Similarly dismissed as predicated on the same allegations were state antitrust claims, consumer protection claims, and the unjust enrichment count.

Gangsta Life Style

50 Cent, UMG and several of its record labels were sued in an assault and battery action (New York Sup.Ct) for promoting a "gangsta lifestyle" by a 14-year-old boy who says friends of the rapper assaulted him.

The lawsuit was filed by James Rosemond and his mother Cynthia Reed, saying the defendants are responsible for the assault because they encourage artists to pursue violent, criminal lifestyles. Plaintiff James Rosemond was allegedly surrounded, confined, and threatened by defendants Tony Yayo, Lowell Fletcher, and Does 1 and 2 because he was wearing clothing bearing the name "Czar Entertainment."

Has there ever been a successful "violence in music/movies/video-games" suit? An obvious distinguishing aspect of this case is that Plaintiff was allegedly assaulted by the Defendants, rather than the artists merely promoting/advocating/inciting action. How is the 1st Amendment implicated?

[Cynthia Reed as mng of James Rosemond an infant under the age of 18 years v. Marvin Bernard aka Tony Yayo individually and dba G-Unit; Lowell Fletcher; Curtis Jackson aka 50 Cent individually and dba G-Unit; G-Unit Records Inc.; Interscope Records Inc.; Shady Records Inc.; Universal Music Group Inc.; Violator Records LLC; Violator Management; Chris Lighty; Does 1-2. Filed 4/9/2008; No. 08-105092]

Trade Secrets Case Against UMG (NY)

A global leader in the arts management business, IMGA, filed suit in New York Supreme Court, New York County, against Universal Music Group, International Entertainment Consultancy Services Ltd., and a Universal employee arising from a scheme by defendants to "surreptitiously: (1) misappropriate IMGA's confidential and proprietary information; (2) conspire among themselves, and with others, to unlawfully compete with IMGA; (3) wrongfully steal clients from IMGA; and (4) assist and cause others to breach their fiduciary duties to IMGA."

As alleged, IMGA and IECS entered into a written consulting agreement in March 2007 wherein IECS agreed, among other things, to advise and assist IMGA "in relation to the development and implementation of IMGA Artist's activities, operations and opportunities." The agreement contained an exclusivity clause, a non-solicitation clause (12 month duration), a non-compete clause (same), and various definitions of IMGA's confidential and proprietary information, which IECS agreed to keep "in trust for the sole benefit of IMGA" and in the strictest confidence. Additionally, the agreement contained various remedies for breach of the consulting agreement, e.g., agree that IMGA will be irreparably harmed and entitled to injunctive relief. (Can parties agree to that?)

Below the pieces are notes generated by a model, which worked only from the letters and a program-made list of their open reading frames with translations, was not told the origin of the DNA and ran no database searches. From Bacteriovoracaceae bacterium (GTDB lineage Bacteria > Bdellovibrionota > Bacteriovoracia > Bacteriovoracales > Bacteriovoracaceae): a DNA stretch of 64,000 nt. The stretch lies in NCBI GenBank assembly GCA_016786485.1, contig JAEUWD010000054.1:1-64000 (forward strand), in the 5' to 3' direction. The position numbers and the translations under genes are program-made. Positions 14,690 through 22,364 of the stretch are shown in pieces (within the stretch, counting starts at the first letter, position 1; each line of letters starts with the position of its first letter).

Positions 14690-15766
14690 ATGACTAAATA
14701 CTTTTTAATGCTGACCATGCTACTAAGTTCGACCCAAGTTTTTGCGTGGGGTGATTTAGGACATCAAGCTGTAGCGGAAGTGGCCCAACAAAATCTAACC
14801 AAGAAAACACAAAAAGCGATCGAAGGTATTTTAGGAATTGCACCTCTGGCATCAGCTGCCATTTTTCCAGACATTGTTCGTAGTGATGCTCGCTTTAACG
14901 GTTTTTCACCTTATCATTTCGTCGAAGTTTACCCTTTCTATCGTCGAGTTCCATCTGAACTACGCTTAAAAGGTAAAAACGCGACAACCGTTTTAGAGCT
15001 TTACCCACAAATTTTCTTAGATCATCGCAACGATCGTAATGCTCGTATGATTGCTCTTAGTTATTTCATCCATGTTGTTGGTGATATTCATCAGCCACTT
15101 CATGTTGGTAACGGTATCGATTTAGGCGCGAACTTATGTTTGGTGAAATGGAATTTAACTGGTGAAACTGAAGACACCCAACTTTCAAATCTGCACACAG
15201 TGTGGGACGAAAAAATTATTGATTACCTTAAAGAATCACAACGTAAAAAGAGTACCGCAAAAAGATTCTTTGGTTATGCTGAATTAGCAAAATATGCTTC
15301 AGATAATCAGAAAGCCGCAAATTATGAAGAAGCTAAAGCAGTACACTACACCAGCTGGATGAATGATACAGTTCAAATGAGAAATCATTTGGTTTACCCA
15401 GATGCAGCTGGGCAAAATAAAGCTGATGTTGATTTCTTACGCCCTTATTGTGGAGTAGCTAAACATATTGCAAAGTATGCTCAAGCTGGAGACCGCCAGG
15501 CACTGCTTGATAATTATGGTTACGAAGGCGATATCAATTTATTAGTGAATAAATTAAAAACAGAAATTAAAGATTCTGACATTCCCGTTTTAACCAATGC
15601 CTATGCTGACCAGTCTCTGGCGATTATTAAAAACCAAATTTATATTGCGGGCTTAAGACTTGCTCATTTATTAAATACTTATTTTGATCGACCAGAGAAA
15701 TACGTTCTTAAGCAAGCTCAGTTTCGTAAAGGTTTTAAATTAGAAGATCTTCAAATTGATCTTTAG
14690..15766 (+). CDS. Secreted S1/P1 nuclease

Thereafter, IMGA alleges that IECS "surreptitiously conspired with Universal and [the Universal employee] to steal IMGA's proprietary information, business opportunities, and clients, in particular, opportunities and clients in the music, touring, event management and promoting area. Each of defendants and their co-conspirators are doing so in order to form a new joint venture by and among them that will exploit opportunities that belong exclusively to IMGA, and to unfairly gain for themselves a competitive advantage."

Based on the above, Plaintiff asserted the following causes of action:

-Misappropriation of Trade Secrets (including IMGA's proprietary and confidential nformation)